September 14, 2016

Private: Equality Matters in the National Security Context, Too

ACSblog Symposium on the Fifteenth Anniversary of Sept. 11, Margo Schlanger

by Margo Schlanger, Henry M. Butzel Professor of Law, University of Michigan.  In 2010 and 2011, she served as the presidentially appointed Department of Homeland Security Officer for Civil Rights and Civil Liberties. 

*This post is part of the ACSblog symposium: The Fifteenth Anniversary of Sept. 11, 2001. 

In the fifteen years since that terrible day in 2001, we have seen significant threats to civil liberties—augmented surveillance, a cramped vision of the Fourth Amendment, abridgements to habeas corpus, aggressive use of material support laws, etc.  Sometimes prompted by public dismay, we have also seen the courts, Congress and the President moderate the government’s course on some of the most aggressive practices. In addition to more well-known interventions, a less-known response (though one I have written about at length) is that the Congress and the President have institutionalized, inside of the government, somewhat domesticated civil libertarian voices on national security topics. In the 2004 Intelligence Reform and Terrorism Prevention Act, Congress instructed the lead Intelligence Community elements to establish Civil Liberties Protection Offices and in the years since, several more have been added. There is an office along these lines in the Office of the Director of National Intelligence, one in the CIA, the NSA, etc. These offices are supposed to ensure that “civil liberties and privacy protections [are] integral considerations in the planning of intelligence activities” and that “[i]ntelligence activities [are] conducted in a manner that protects civil liberties and privacy.”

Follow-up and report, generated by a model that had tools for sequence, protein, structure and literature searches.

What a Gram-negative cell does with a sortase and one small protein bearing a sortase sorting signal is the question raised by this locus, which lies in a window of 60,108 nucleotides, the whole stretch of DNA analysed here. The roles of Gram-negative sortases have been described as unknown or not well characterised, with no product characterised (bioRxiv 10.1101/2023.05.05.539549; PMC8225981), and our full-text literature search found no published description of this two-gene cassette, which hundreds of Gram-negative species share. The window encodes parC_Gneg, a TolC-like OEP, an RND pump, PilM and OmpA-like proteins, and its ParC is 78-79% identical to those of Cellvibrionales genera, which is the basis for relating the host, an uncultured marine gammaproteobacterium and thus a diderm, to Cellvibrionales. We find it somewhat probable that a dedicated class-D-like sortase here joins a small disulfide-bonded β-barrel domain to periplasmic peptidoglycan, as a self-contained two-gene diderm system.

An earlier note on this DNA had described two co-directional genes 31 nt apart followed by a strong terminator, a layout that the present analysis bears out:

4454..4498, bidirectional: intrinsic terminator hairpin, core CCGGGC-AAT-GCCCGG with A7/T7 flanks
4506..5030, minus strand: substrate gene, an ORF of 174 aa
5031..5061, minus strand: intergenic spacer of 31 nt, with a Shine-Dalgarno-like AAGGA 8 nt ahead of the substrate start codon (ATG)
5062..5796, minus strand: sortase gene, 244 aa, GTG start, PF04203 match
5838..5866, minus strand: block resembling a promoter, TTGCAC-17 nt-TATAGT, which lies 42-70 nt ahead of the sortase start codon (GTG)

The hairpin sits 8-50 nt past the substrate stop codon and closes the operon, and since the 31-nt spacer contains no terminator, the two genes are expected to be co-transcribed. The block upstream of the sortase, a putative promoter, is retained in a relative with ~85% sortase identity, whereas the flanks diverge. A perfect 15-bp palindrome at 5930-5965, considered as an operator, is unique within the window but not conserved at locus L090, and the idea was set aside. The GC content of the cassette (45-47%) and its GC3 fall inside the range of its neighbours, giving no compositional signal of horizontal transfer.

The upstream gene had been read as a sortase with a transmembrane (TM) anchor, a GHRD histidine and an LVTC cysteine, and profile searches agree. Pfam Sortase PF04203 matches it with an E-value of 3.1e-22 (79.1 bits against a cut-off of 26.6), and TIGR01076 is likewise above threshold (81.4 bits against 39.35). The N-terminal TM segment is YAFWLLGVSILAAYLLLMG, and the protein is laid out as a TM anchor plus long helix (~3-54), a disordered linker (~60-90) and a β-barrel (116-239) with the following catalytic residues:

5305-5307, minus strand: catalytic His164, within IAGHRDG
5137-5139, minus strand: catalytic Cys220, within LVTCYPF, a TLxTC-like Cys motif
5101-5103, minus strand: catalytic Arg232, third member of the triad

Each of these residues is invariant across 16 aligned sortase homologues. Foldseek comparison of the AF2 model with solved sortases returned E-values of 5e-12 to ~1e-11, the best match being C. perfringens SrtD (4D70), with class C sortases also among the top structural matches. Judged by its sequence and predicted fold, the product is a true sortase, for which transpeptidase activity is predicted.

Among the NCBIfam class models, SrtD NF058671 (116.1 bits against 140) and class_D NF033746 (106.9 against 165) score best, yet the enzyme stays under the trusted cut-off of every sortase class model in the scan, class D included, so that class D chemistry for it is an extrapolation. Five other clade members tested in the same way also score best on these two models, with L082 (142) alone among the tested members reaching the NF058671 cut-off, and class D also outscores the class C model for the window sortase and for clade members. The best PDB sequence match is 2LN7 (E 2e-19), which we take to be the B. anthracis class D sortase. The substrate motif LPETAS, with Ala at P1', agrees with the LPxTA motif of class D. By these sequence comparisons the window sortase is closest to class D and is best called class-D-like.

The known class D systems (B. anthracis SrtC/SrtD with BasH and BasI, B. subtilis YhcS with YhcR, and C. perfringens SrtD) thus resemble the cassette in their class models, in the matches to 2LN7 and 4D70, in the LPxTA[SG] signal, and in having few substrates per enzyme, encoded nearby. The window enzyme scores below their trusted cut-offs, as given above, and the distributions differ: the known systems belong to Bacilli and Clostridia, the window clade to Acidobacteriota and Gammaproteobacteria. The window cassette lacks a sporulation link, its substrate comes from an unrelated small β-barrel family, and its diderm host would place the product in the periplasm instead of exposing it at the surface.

In my view, the threats to civil rights are even more significant than the threats to civil liberties. There has been a palpable erosion of American equality as Arabs and Muslims, including American citizens, have been targeted for special law enforcement, intelligence and immigration attention. Two examples, which could be multiplied many times over: It is commonplace, now, for non-Muslims who express fear of their Muslim fellow airline passengers based on innocuous phrases or ordinary behavior to have those fears ratified rather than rebutted when the Muslims (and the occasional Sikh) are pulled off the plane, facing questioning by the FBI. And Muslim students have to worry that their associations may be monitored, their conversations reported to police, perhaps twisted and used to their detriment.

And yet we have seen far less civil rights than civil liberties recalibration. Take, for example, the issue of selective immigration enforcement. The Supreme Court in 1999 left the door for challenges to this practice only the tiniest bit ajar, noting that in general selective immigration enforcement was lawful, though the Court “need not rule out the possibility of a rare case in which the alleged basis of discrimination is so outrageous” as to justify an exception. In the years since, I am not aware of any court that has found any case sufficiently “outrageous” to support a challenge.

It is not that there has been no civil rights progress at all.  In the immediate aftermath of 9/11, DOJ rounded up over a thousand Muslims—citizens and foreigners—nationwide and subjected many to significant mistreatment in detention.  And 2003 Department of Justice “guidance” document on racial profiling conspicuously excluded border or national security activities and did not cover religion, at all. So it was a step forward when the DOJ issued new guidance, in 2014, that does a little bit better (as does the 2013 analogous document at DHS).

But with respect to intelligence, rather than domestic law enforcement and in the core of the Intelligence Community—ODNI, CIA, NSA, etc.—even in the Obama administration, there have been only the vaguest gestures towards equality commitments. For example, the President’s 2014 reform policy directive provides: